As described earlier, it is obvious that the duality of Self and Other underlies some students’ help and therefore brings about a huge gap between the helper and the helped. Wherever there is a border between ‘self’ and ‘others’, there is no room for true respect and compassion. For this reason, it is necessary to disrupt this duality. However, it would be very challenging to do this without an appropriate view of self/other. The Buddhist conception of self may be very helpful in this regard.
For Buddhists, the belief in a discrete and solid self is actually a delusion. Self is comprised of impermanent constituents called Five Aggregates including material form, sensations, perceptions, mental formations and consciousness. These constituents are brought into being by causes and conditions, which are always changing. With reference to the absence of a separate and permanent self, Zen Master Thich Nhat Hanh offers a nice explanation. Nhat Hanh (1988) posited that self is interdependent with others. To illustrate this point, he gives a metaphor commonly known in Buddhist communities. That is, a sheet of paper cannot exist by itself. Rather, it is interdependent with the sunshine, the cloud, the forest and so on. Generally put, this means that one cannot exist without others. In another aspect, Nhat Hanh affirms that in one’s self there are others through his metaphors of a rose and garbage, arguing that in a rose there is (potential) garbage and vice versa. This could be understood in several ways. For example, a rose, no matter how beautiful it is now, will perish and ultimately become garbage; or, a rose at present grows thanks to garbage as a form of fertilizer. Conversely, garbage is not always bad as it seems, it can be transformed into a rose in the hands of skillful gardeners. Since the rose and the garbage inter-are, for Nhat Hanh they are equal; hence, there is not a clear-cut boundary between goodness and badness.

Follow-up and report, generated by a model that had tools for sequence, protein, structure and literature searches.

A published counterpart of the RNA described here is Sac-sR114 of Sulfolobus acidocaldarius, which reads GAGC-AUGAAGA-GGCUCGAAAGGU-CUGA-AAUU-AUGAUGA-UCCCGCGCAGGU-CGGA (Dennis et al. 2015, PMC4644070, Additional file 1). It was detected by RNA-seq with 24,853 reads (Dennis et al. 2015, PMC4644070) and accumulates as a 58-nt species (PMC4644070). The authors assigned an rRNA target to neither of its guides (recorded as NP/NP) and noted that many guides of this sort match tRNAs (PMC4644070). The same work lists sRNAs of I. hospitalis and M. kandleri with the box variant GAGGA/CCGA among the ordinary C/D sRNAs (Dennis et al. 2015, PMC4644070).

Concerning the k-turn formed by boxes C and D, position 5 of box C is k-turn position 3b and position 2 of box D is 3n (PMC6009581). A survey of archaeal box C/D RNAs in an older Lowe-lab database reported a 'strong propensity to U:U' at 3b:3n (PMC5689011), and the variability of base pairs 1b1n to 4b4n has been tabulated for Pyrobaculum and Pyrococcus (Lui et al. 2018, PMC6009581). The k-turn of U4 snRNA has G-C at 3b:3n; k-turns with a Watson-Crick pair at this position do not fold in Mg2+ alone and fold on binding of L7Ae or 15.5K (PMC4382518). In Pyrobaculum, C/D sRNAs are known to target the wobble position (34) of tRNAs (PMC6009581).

Let us return to the context of charitable programs described earlier. In Buddhist views, it does not make sense to believe that one is independent of or superior to others. It also means that students, while practicing global citizenship, should have deep respect for others because in the absolute sense they cannot be separate from others and especially because there is no clear-cut border between superiority and inferiority or between any perceived goodness and badness. As for the latter, the metaphors of a rose and garbage may make them aware that their richness and ‘superiority’ are probably grounded in others’ poverty and ‘inferiority.’ With this in mind, instead of feeling sorry (and disdain) for others, students may have not only deep respect for but also gratitude to people from less developed countries.